Interviews with experts on the science, politics, and culture of food
Part 1. Paul Roberts, veteran journalist, and author of The End of Food, and The End of Oil, speaks at the first ever, Organicology conference, in Portland, Oregon. The story he tells here is a cautionary tale. Modern science has created the industrial agriculture revolution, producing enormous benefits for society. Though over time, many of these very same benefits: lower costs of production, greater production yields, and greater efficiency through increased economies of scale, have led to serious systemic problems that threaten the entire agricultural system, perhaps even our planet.
Roberts, through his telling of the Thomas Jukes story of how antiobiotics became the miracle drug, a later discovery quite by accident, of its enormous value in treating farm livestock. This example serves as a good metaphor for science; the problems science solves are many, and enormous in value; so too, science introduces new perils, and sometimes, they too become substantial in significance. After decades, the problems inherent in industrial agriculture have become too big to ignore.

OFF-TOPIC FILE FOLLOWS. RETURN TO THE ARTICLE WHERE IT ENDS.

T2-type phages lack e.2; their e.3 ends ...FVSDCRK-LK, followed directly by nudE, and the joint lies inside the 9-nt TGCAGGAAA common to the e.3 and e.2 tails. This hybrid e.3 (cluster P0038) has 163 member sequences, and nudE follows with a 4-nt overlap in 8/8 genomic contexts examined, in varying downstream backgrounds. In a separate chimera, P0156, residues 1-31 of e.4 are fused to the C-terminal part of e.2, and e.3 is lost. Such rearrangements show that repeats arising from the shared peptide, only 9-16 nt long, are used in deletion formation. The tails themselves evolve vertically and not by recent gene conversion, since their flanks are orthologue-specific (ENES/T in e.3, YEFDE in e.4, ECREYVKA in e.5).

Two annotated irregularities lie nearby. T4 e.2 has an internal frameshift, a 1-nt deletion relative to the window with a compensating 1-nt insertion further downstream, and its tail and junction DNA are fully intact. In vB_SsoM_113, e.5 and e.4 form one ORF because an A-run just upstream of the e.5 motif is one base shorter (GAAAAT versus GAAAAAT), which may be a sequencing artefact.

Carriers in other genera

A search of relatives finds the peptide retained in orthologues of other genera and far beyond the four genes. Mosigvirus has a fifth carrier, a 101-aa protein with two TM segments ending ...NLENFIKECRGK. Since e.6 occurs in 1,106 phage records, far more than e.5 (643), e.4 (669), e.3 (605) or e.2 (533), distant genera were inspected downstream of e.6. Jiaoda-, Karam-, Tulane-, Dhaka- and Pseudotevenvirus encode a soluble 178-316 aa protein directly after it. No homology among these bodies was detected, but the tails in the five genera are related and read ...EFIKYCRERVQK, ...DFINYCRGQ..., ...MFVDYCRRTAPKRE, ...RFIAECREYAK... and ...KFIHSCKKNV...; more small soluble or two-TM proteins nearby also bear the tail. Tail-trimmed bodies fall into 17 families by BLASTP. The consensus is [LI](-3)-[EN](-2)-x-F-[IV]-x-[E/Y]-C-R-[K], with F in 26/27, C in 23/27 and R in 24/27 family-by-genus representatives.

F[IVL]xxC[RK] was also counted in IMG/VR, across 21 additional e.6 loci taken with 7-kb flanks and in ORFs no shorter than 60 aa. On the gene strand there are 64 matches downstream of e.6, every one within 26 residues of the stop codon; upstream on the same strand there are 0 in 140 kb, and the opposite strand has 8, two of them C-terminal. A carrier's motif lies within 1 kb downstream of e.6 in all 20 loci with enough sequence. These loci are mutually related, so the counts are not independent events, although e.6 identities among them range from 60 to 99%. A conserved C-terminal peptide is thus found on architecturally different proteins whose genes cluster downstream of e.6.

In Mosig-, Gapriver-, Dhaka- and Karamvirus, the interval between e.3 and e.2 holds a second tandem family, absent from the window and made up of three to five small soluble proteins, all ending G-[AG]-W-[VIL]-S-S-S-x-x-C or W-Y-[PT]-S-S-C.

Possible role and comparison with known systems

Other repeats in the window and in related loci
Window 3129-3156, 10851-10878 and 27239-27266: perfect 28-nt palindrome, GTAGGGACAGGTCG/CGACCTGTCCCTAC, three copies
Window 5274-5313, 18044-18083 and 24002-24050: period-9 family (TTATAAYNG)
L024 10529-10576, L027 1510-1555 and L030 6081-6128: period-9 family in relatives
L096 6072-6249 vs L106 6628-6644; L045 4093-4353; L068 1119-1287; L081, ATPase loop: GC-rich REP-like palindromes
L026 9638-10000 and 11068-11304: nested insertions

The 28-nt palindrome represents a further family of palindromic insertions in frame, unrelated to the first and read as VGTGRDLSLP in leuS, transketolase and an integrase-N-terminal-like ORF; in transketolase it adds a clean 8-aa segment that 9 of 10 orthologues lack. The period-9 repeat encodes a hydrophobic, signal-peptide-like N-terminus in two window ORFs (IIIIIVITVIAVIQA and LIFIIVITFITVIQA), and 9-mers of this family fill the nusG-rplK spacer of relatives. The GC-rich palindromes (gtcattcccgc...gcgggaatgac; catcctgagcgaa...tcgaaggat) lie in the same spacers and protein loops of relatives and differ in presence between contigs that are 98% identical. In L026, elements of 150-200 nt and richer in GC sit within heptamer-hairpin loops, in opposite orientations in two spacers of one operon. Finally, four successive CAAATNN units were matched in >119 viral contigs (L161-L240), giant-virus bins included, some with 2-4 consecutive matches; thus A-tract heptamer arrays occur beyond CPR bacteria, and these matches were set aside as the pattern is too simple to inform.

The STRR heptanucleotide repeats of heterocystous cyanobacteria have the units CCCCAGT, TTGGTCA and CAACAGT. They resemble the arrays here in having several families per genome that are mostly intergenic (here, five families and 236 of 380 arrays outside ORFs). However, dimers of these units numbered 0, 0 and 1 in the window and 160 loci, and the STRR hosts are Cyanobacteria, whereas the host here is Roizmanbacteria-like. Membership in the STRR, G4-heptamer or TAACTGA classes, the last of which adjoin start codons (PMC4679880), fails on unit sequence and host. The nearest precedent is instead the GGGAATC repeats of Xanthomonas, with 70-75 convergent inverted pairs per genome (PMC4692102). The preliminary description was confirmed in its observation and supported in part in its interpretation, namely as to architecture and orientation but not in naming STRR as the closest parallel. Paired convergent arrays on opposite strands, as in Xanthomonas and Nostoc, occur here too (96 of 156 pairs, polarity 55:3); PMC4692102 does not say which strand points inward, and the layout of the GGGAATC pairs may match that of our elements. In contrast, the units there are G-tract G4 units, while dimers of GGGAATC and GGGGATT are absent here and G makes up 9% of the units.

When you listen to Paul Roberts, think about food safety issues today. For example, the latest Salmonella outbreak from peanut butter, and peanut butter paste emanating from just one plant. Does this sound eerily familiar to his story about the recalled hamburger meat? Think about biotechnology (genetic engineering), do we understand the full implications of this new technology upon our food, its potential environmental consequences, or the full (long-term) effects upon public health? And think about the Green Revolution, the wonders that modern science brought to food production in developing countries of the world. Was the Green Revolution a boon for humanity, and a huge benefit toward reducing starvation and hunger throughout the world, or an ecological and cultural disaster, diminishing plant diversity, reducing soil fertility, creating water shortages, and more, as some leading scientists maintain.
Should we be trying to produce food in such quantities, and with such efficiencies of scale, that our production methods could equally apply to television sets and automobiles, as to our food supply?
Paul Roberts gives us a mouthful to think about, and a beginning framework for how to address these problems. The solutions will not come piecemeal, but must be systematically tackled; the whole enchilada is on the table.